11. I enjoy reading your blogs – the video was even better.
    I’ll never look at a blackberry bush in the same way again.
    Thanks for the inspiration.
    Please can you tell us how to ferment leaves I’ve only ever managed to dry.

  12. Hi Robin, thank you for this video. Brambles are useful plants indeed. We have lots in our garden and when the blackberries come, we have so many that there are enough for us and the garden birds. I have kept stick insects for many years and have noticed that they, and many other insects tend to avoid eating the new tender leaves and I’m wondering if it’s because these contain some kind of natural insecticide?
    PS it was nice to see you on the video yourself- for some reason I had always imagined that you would have a beard 🙂

  13. Loved the video Robin you are very nice to listen to ,down to earth and in touch with nature.
    I’m addicted to reading your articles,always so informative and sometimes amusing . You are @n amazing writer

  14. This is absolutely fascinating, Robin. I will never look at bramble the same way again. We have loads of it (and Rosebay Willow herb) at our cottage in Shropshire. I’m now going to experiment with fermentation and other uses for these plants.

    Many thanks

  15. Bramble is an amazing plant, you can’t get rid of it. But as beekeepers we wouldn’t want to, it has lots of nectar and pollen so bees love it. We can make all the things you list but a very important part of bramble, for beekeepers, is the stalk. Split it and use it to bind ropes of straw to make skeps. What are skeps? Straw beehives.

    Fireweed (willowherb) grows well where there have been fires, not just after bombs but along railway tracks and is also a great nectar plant although the honey is very pale. Still, when bees mix it with other nectars (not deliberately) its colour wouldn’t be noticed.

  16. Hi Robin,

    It is said that we remember…
    20% of what we read,
    30% of what we hear,
    40% of what we see,
    50% of what we say,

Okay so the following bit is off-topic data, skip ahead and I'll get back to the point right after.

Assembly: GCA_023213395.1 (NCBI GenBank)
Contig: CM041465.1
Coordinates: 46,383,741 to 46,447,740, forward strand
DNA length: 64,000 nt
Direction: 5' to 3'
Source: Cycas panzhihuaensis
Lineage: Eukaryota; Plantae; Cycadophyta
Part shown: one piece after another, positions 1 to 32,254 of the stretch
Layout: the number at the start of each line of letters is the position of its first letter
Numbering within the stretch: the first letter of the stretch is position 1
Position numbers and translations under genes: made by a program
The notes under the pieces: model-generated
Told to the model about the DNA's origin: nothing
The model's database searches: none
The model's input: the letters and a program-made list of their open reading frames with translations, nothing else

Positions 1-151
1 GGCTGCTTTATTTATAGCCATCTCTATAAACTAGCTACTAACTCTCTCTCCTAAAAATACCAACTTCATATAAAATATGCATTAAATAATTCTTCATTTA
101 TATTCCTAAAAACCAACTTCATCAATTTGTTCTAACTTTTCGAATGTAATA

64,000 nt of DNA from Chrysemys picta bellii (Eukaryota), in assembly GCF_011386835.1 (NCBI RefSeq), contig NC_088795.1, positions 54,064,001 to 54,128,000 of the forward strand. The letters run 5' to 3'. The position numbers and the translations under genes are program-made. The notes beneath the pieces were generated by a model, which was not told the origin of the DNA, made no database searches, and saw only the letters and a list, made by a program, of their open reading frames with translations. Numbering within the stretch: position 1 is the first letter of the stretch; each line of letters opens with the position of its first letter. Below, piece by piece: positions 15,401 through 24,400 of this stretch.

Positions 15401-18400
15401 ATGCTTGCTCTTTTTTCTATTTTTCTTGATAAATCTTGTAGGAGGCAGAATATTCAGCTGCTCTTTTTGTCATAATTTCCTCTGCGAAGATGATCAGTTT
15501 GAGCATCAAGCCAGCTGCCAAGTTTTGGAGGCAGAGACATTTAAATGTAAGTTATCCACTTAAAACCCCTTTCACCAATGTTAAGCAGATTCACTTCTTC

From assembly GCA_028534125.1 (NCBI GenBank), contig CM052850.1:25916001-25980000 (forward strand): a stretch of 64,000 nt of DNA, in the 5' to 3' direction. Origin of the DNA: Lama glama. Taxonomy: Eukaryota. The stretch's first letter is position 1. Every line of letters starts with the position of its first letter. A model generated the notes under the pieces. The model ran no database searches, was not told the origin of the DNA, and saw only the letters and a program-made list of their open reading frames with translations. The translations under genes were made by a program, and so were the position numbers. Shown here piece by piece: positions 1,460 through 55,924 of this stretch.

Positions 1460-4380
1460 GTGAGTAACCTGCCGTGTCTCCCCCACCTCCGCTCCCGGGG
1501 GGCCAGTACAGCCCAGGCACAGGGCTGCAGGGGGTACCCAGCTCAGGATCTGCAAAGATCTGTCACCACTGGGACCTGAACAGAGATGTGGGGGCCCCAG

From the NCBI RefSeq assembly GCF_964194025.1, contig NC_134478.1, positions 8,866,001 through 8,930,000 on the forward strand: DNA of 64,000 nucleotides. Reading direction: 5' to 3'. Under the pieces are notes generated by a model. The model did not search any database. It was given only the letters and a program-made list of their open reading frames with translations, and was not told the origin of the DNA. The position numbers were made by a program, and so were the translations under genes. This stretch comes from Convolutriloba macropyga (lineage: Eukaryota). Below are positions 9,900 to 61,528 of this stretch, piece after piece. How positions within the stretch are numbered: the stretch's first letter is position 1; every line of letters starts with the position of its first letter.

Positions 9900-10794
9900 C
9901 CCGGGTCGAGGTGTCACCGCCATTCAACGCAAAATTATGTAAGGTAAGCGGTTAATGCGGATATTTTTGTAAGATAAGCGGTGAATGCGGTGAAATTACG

60% of what we do,
    90% of what we hear, see, say and do.

    So, I reckon you score 100% with your excellent combination of reading, audio-visual presentation, and encouragement to go out and do – I’m going out right now to meet some brambles.

    Thank you.

  17. my mum used to make a lovely sweet sherry out of the new buds, tea out of the leaves – and dad would use the branch fibres to make skeps for bees

  18. Thanks, I love blackberries and yesterday tasted the little spurs you said tasted of coconut which I couldn’t quite believe, but yes, they do, so will go for these again! I used to pick the new spears, or tight bunch of leaves for my guinea pigs as they used to enjoy these as a real treat. They are pretty tasty too, so would be interested what you think of them too. Look forward to learning how to ferment the leaves

  19. I love this! Thank you, Robin. I live in Central VA, just south of Richmond, and we have blackberries everywhere. I’ve used them a lot, but have no idea how to ferment the leaves… Could you possibly give us an idea as to how to ferment these? I also have a fig bush, blueberries, mulberries, grapes, lots of lemon balm, and various other herbs and trees that might be better if I knew how to use their leaves as fermented leaves. Thank you. This was great!

  20. Hi Robin,
    I believe CJJ Berry had a recipe for wine made from bramble tips. I have many gallons of blackberry fruit wine maturing at home but have yet to try using the shoots.